This practice paper from IDS captures lessons from recent experiences on using ‘theories of change’ amongst organisations involved in the research–policy interface.
The literature in this area highlights much of the complexity inherent in the policymaking process, as well as the challenges around finding meaningful ways to measure research uptake. As a tool, ‘theories of change’ offers much, but the paper argues that the very complexity and dynamism of the research-to-policy process means that any theory of change will be inadequate in this context. Therefore, rather than overcomplicating a static depiction of change at the start (to be evaluated at the end), incentives need to be in place to regularly collect evidence around the theory, test it periodically, and then reflect and reconsider its relevance and assumptions.
7 ways to make your advocacy, lobbying and policy-influencing work more visible using monitoring and evaluation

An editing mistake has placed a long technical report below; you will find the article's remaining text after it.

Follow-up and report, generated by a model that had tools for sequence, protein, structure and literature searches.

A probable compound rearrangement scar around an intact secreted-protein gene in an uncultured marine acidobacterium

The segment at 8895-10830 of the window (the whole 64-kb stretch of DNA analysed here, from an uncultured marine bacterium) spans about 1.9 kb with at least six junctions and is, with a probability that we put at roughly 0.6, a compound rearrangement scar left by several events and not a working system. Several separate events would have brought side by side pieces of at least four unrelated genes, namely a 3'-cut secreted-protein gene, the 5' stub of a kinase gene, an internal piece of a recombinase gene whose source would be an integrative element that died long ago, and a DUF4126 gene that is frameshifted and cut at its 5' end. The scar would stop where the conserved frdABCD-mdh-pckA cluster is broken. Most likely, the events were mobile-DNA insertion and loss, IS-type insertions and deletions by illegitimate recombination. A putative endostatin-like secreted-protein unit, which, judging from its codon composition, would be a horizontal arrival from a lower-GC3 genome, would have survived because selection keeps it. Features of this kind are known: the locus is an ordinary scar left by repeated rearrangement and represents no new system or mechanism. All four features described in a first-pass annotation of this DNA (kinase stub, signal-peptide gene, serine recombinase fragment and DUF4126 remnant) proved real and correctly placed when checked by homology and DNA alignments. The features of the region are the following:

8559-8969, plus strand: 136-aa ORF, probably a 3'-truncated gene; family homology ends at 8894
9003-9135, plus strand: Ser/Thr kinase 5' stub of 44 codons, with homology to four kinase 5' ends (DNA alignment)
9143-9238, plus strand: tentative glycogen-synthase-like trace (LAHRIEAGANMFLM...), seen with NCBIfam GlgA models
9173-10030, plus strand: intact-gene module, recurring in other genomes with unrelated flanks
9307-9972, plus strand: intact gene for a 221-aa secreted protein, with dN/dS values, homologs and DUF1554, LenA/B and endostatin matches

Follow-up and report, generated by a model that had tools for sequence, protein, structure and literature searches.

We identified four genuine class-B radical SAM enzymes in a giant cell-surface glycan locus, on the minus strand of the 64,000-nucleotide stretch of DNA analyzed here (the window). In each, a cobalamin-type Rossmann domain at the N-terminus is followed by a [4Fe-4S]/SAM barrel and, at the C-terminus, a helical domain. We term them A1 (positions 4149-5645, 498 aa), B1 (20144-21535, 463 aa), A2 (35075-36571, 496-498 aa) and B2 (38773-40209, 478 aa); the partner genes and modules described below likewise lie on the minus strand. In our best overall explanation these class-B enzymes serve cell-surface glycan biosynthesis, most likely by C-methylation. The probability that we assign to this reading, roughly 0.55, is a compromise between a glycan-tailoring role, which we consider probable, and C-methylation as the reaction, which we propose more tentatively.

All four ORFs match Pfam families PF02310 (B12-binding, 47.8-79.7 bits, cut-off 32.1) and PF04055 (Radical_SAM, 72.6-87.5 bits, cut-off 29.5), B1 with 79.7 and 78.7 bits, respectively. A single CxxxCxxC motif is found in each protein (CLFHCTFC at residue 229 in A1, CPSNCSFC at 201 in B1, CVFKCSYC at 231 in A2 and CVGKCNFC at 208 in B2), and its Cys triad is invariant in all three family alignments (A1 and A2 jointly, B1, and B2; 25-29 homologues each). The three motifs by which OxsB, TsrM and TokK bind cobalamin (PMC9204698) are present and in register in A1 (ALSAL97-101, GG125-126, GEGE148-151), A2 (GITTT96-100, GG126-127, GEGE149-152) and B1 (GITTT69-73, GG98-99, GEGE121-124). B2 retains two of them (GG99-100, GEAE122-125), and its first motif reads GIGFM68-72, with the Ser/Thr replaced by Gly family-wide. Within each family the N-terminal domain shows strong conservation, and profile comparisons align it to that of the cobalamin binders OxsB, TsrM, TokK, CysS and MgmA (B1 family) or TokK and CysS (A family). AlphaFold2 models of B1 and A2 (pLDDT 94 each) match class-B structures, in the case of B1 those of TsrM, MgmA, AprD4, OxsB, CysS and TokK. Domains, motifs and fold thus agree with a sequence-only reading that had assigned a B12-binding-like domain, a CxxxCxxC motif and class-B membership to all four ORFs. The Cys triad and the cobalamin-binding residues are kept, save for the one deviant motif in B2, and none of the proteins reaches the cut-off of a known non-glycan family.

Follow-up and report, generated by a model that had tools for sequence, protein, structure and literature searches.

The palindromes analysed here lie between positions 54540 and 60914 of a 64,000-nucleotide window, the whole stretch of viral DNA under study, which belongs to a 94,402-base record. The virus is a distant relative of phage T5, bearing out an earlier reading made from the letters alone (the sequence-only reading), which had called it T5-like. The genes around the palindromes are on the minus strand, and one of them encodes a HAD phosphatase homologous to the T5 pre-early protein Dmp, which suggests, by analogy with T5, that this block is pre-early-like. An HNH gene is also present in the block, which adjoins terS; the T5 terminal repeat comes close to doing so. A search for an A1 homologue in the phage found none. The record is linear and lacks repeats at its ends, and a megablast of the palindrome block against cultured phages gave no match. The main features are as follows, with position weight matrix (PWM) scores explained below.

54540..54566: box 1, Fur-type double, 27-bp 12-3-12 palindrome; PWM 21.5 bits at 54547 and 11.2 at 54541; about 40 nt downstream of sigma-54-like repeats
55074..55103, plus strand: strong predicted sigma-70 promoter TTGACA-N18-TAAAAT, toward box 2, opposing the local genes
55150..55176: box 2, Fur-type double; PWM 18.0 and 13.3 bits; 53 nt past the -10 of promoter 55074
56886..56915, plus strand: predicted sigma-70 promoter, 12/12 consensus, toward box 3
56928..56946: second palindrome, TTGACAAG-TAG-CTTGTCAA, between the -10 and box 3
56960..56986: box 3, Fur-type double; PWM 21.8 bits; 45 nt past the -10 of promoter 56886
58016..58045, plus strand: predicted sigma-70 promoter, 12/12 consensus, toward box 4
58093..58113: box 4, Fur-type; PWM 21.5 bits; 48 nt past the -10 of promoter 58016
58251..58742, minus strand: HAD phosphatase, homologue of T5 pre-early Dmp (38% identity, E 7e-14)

Influencing and informing policy is the main aim for many development organisations. However, activities directed at policy change are, in general, very hard to monitor and evaluate. As policy change is often a complex process, it is difficult to isolate the impact of a particular intervention from the influence of other factors and various actors. In addition, monitoring and evaluation tools usually used in managing interventions can be difficult to implement in these contexts.
Episode studies are an excellent way of investigating the influence of research on policy. Episode studies refer to a case study that focuses on a clear policy change and tracks back to assess what impact research had among the variety of issues that led to the policy change. They could be focusing on a single episode or comparative episodes. It differs from other case study approaches, which usually take an initiative as the starting point and look forward.